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Planning a Shade Garden: 12 Low Maintenance Plants that are Easy to Find and Stay Looking Good

Shade cloth in greenhouse

I’m in “oh wow, it’s really Spring!” garden planning mode. It’s time I get serious and make a plan for all those ideas that have been rattling around in my head all winter.

This picture is the first “brain dump” of potential ideas, and now I just wanna take a nap after looking at it.

Once I go through and prioritize, the plan will get a lot more clear!

I already know one of my top priorities, and that’s creating a shade garden in the space behind the greenhouse and the raised beds. I built the fence as the backdrop structure last year, in anticipation of creating a pretty space in front it.

I've been experimenting with plants for the last couple of years to see what grows well in that area, and to see what I like. I’ve got a good list of plants that I’m happy with and that meet all or most of my criteria: low maintenance, looks good for several months, and is easy to find or grow (e.g., inexpensive). I’d also like the garden to contain flowers that are both good for cutting and that attract pollinators. The garden will be an island with a curving border and the area gets 3-4 hours of dappled sunlight. It’s somewhere around 20’ long and 16’ wide.

Here’s the list I’ve come up with. I hope you find some gems in here that work in your shade garden too!

  1. Climbing flowers: Japanese Morning Glory. I plan to build a large wood obelisk for a focal point (and paint it to match the greenhouse), and plant it with Ipomoea nil Morning Glory, also known as Japanese Morning Glory. This is a non-invasive cultivar with pretty blue flowers. They tolerate partial shade and will be inexpensive to grow from seed. They’re annuals for me in Zone 6, but I don’t mind growing them each year.

  2. Specimen tree: Dogwood or Japanese Maple. I haven’t decided if I’ll add a small tree yet, but I’m looking at small, understory trees (the shade garden is under a big oak and a big maple). Both of these would add all-season beauty and structure, and should do well in the area.

  3. Flowers: Veronica (Speedwell), Hyssop, and Astilbe. Not only do these flowers attract pollinators, they are wonderful cut flowers for bouquets! I already have Veronica and Hyssop and they have been such beautiful, easy plants (and they’re perennials). These all come in various shades of purple, pink, and blue. I purposely haven’t listed specific varieties because one of my goals is “easy” - so I’ll see what my local nursery has and probably go with that. My goal will be to plant several of each of these for a beautiful effect, which means I’ll probably also start some from seed. Bags of Astilbe bulbs can usually be found at local nurseries.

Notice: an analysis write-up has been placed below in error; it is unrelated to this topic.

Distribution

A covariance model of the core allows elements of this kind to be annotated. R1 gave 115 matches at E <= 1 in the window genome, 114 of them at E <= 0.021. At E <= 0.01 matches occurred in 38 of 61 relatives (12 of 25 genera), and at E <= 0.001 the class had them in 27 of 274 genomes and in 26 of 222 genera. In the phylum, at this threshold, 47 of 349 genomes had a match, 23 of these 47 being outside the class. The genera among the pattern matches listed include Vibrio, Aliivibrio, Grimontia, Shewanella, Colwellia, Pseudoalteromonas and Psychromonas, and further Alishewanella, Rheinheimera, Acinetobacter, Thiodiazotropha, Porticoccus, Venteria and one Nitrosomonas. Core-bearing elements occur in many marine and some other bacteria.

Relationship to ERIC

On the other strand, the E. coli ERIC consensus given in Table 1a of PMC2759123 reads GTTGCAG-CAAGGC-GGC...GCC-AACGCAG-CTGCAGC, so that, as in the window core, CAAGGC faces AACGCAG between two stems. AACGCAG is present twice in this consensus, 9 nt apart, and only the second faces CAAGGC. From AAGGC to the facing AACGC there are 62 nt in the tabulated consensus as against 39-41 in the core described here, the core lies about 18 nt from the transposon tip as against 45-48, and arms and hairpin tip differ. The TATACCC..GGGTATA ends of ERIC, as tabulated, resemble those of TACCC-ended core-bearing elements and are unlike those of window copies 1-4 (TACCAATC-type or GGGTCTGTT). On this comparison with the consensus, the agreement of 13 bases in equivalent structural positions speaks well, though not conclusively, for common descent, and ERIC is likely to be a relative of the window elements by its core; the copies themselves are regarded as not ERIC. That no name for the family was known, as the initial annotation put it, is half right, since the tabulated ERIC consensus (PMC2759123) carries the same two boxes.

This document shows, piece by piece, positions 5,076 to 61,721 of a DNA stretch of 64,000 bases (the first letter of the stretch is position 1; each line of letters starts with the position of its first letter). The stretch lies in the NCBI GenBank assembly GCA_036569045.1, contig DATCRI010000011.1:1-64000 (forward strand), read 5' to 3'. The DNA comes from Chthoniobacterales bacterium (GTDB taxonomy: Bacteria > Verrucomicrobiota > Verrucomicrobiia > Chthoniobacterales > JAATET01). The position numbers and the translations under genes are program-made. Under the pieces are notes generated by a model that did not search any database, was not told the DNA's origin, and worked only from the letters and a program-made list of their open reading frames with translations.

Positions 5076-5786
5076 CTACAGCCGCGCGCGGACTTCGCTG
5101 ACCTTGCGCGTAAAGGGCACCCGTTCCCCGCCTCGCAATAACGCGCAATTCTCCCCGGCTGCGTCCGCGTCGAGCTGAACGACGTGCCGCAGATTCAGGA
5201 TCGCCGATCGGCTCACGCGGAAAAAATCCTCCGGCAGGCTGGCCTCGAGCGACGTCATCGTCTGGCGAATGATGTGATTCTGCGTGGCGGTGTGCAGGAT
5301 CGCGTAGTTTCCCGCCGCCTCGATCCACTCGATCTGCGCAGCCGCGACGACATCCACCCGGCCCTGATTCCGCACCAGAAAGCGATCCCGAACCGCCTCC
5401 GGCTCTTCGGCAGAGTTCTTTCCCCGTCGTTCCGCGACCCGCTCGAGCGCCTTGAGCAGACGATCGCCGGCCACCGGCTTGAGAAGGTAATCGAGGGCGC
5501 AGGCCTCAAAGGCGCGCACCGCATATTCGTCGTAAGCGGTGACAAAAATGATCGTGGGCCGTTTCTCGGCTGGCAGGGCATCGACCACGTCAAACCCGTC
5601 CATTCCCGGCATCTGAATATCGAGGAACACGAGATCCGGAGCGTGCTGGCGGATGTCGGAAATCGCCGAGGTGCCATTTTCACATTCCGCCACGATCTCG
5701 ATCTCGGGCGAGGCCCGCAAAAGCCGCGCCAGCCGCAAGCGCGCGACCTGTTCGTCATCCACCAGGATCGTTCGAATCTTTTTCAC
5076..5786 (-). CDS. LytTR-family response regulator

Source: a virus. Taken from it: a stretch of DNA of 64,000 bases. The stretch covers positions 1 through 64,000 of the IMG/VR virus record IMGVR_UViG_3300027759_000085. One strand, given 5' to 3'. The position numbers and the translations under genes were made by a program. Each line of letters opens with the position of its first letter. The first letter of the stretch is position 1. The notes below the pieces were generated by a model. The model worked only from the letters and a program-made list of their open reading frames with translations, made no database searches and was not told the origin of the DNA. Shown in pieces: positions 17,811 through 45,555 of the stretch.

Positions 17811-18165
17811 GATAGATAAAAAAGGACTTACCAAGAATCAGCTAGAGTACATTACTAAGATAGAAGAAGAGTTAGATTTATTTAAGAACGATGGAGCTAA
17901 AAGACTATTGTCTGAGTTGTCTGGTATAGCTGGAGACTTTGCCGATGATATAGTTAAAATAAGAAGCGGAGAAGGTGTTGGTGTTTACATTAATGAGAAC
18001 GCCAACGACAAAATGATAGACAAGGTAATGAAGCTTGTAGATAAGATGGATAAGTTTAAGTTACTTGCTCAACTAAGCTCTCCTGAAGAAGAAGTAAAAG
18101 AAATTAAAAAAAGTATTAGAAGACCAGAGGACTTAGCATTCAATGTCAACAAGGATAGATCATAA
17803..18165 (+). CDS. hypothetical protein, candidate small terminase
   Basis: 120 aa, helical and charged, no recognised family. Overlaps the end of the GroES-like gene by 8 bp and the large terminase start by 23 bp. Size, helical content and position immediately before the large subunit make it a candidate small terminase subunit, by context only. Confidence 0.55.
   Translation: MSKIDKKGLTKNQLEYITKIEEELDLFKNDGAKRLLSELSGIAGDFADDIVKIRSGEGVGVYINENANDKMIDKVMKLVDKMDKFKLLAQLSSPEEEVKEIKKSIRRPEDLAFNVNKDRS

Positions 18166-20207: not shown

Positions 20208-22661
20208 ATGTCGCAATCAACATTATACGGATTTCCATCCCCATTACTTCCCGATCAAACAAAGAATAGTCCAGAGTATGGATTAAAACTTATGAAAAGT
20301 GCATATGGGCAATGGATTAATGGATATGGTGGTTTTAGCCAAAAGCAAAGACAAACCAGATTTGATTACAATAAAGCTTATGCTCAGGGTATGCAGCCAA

4. Lush greens: Ferns, Hostas, and Heuchera. Although these are common, they really are quite lovely and come in so many colors and sizes. I picked up several Heuchera on clearance last Fall, and many people divide and give away ferns in the Spring. I have a favorite hosta that you just might love even if you’re not a hosta lover. Did you know that a small number of hostas have scented flowers?! My favorite is the Royal Standard cultivar and its white flowers give off a light, perfumey scent.

  5. Small shrubs: Hydrangeas. I’ve planted many different hydrangea around my front and back yard and the repetition provides a nice continuity among my gardens. I picked up a couple of Limelight Hydrangeas last Summer, so those will get added into the garden.

  6. Notable mentions: Viburnums (shrubs/trees) and Hellebores (flowers). These are also excellent choices for shade gardens so I don’t want to leave them out. I have some Hellebores by the house, and I love them in that spot. I’m thinking of planting a viburnum in another spot in the yard - there are so many different species to choose from and birds love them.

After lots of research and experimenting, it feels good to have narrowed down what will work in my yard as well as what I can find locally. I’m sure I’ll add some other things here and there which will be a lot of fun.

Experimenting is such a valuable step. Over the last couple of years I purchased several of the plants above and set their pots in the future garden area to see how they fared. I also found out which plants didn’t do well.

I’ll be trying a similar experiment in my front yard this summer. I really want dahlias in my front yard, but I’m just not sure if they’ll get enough sun. I’m planning an experiment with a few to see how it goes.

It’s a fun challenge to plan and create a shade garden. I hope I have the time and energy to pull it off!



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